If you think you can’t get breast cancer because it doesn’t run in your family, think again. Most women with breast cancer have no family history of it and are not considered high risk. But there are ways to protect yourself:
1. Stop smoking. People who smoke for 10 years or more are at least 16 percent more likely than nonsmokers to develop breast cancer, according to a recent study.
2. Maintain a healthy weight. Extra pounds increase the risk of postmenopausal breast cancer and recurrence of breast cancer, as demonstrated by numerous studies.
3. Limit alcohol to three or four drinks a week. Research suggests that even one drink per day can raise breast cancer risk.
4. Exercise regularly. Just two to three hours of exercise a week not only helps to maintain a healthy weight, but also can lower estrogen levels and boost immunity. And if you do get breast cancer, keep moving. One study shows that breast cancer survivors who exercise at least two hours a week have a 40 percent lower risk of dying from the disease.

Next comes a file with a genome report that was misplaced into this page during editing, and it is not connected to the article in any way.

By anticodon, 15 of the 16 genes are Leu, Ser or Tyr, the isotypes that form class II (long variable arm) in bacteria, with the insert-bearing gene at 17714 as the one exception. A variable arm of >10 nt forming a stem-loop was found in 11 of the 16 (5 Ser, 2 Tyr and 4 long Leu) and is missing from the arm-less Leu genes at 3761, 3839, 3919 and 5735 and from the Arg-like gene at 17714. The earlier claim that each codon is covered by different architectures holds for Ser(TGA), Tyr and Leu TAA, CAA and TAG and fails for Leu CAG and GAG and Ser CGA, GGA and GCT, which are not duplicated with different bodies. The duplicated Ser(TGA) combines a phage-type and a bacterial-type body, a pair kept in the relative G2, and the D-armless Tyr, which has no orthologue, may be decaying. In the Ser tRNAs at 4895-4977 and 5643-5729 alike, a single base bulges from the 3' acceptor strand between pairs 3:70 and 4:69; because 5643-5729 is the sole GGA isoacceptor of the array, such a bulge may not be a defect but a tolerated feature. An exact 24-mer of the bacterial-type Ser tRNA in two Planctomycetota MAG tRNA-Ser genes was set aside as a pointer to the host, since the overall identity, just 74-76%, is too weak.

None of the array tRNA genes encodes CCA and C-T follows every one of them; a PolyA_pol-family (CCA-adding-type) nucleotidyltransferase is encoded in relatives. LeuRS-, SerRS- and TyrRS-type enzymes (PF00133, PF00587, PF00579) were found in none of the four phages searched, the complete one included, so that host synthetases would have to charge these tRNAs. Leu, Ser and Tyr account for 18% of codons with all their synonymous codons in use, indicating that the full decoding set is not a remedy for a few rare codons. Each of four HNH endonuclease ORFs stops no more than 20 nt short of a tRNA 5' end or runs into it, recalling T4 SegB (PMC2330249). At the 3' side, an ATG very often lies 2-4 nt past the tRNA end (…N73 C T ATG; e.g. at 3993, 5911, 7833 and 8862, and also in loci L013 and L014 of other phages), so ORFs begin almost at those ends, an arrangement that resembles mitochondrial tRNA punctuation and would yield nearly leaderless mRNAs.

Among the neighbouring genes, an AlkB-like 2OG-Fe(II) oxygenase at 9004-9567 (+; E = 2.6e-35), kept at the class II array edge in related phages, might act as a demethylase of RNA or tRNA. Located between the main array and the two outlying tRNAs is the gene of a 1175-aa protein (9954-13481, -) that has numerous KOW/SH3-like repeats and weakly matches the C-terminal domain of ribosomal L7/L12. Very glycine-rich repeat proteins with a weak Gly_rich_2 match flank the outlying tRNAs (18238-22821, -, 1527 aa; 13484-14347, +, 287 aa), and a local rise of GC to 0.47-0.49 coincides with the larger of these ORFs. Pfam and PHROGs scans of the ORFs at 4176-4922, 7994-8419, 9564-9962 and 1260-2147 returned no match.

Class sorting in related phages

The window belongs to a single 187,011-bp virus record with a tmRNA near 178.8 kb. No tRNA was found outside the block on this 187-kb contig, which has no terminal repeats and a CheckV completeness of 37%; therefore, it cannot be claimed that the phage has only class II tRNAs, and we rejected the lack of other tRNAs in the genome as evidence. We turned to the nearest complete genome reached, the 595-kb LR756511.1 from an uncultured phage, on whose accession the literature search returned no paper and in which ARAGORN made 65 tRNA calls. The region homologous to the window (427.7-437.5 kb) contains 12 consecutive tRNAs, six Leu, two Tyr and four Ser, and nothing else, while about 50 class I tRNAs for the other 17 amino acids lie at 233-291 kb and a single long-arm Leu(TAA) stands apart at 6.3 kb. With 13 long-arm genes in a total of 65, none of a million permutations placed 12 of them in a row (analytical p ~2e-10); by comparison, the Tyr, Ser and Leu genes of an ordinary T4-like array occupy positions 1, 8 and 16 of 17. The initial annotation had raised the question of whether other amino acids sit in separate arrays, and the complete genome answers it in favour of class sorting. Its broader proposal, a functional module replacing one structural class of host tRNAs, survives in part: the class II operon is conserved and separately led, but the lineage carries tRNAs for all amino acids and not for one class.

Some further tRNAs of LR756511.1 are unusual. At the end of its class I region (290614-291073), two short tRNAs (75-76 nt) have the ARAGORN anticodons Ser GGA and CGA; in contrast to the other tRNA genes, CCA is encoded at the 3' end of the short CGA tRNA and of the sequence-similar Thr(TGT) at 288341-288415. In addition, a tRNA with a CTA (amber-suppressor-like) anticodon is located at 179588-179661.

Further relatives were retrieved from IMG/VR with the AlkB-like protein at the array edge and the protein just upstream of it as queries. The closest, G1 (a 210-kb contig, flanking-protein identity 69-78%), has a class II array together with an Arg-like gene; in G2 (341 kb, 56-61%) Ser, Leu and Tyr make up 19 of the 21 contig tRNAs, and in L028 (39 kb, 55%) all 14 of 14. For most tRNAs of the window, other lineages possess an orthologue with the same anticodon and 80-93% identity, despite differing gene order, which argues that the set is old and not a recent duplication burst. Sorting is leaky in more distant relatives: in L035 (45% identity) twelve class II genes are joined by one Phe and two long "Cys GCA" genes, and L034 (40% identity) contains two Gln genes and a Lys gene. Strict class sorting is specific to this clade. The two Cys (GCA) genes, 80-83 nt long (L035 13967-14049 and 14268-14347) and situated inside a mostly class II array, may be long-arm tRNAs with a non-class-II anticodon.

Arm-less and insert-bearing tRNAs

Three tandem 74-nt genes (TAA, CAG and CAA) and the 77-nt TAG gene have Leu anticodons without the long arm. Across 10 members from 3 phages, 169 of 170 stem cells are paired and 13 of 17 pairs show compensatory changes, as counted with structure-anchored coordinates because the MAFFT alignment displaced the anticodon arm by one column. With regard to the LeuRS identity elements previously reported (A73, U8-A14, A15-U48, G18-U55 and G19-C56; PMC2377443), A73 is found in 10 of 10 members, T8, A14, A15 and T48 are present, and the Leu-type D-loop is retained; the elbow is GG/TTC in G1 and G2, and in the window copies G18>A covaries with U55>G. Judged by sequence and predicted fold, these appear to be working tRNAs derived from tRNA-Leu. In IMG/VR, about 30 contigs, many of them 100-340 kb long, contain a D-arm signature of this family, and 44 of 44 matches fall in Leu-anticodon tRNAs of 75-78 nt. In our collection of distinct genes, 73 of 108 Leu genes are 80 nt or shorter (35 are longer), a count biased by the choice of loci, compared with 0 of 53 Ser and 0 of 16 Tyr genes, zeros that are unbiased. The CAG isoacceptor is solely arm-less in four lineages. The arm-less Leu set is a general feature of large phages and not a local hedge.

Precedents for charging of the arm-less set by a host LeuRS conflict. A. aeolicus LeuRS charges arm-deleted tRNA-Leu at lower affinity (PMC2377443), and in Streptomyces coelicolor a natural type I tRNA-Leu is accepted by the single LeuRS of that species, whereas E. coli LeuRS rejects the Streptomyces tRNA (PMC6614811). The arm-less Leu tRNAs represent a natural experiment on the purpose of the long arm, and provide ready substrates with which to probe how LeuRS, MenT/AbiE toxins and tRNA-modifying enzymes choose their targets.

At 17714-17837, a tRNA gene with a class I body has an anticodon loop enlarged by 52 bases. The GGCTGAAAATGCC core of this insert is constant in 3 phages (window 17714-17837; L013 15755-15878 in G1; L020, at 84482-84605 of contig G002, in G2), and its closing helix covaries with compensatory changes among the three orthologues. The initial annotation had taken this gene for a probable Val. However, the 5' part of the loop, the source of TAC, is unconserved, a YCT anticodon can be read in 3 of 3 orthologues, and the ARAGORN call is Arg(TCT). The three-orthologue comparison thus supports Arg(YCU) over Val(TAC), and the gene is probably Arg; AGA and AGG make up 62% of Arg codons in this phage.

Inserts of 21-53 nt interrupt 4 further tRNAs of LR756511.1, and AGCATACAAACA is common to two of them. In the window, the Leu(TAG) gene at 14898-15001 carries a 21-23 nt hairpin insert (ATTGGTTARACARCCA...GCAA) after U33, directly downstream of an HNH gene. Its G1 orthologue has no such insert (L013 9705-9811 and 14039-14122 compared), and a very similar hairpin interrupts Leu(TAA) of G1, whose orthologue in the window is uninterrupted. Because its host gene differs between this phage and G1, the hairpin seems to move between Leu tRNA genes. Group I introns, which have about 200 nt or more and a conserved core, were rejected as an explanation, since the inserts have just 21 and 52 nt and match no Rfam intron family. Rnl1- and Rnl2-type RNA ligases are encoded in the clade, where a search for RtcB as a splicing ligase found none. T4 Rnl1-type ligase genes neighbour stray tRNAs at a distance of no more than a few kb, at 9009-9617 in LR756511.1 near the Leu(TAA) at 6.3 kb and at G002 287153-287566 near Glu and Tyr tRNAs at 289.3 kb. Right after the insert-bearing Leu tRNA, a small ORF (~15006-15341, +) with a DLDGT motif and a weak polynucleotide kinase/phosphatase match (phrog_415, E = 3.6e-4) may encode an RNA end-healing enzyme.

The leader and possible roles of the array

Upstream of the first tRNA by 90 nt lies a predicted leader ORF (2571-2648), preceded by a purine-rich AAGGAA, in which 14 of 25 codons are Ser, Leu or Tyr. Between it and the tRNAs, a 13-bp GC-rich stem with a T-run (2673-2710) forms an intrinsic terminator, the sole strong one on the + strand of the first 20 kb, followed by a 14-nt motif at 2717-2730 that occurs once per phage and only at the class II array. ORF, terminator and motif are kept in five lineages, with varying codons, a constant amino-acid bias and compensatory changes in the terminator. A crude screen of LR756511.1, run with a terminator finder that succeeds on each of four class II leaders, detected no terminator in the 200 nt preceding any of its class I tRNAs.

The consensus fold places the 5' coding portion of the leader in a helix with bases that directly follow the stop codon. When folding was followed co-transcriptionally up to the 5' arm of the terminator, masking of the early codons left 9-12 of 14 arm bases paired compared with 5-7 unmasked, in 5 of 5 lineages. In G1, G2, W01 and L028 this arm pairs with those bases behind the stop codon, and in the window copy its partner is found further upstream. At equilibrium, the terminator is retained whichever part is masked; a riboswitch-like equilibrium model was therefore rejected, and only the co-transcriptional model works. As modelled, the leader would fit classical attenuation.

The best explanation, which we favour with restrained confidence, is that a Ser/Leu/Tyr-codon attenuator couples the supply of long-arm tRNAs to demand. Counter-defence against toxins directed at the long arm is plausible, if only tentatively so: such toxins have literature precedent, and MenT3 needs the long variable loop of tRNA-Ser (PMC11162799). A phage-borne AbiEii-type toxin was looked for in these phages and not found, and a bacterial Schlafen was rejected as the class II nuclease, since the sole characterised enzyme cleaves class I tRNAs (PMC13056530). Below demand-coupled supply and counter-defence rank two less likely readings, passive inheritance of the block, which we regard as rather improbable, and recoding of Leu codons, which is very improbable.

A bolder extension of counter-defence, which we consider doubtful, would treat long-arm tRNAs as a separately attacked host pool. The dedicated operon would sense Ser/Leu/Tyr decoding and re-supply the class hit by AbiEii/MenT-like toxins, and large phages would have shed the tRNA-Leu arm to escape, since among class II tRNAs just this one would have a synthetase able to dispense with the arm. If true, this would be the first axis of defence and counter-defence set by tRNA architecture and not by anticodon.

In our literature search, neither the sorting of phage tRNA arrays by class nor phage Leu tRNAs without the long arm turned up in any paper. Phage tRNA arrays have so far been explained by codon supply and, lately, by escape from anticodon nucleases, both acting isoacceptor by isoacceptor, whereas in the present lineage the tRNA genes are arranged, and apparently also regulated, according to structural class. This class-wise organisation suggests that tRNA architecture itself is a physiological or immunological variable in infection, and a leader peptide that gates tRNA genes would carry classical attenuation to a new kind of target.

5. Get a mammogram. Research shows that the risk from exposure to mammogram radiation is even lower than previously thought. Newer digital mammograms use about 22 percent less radiation than traditional imaging. Digital mammography’s sharper images reduce the need for repeat tests, too.
If discomfort keeps you from scheduling a mammogram, read next Friday’s blog post to learn how mammograms can prevent pain in the long run. In the meantime, do you ever struggle to follow stay-healthy advice? Share your tips for staying on track in the comments.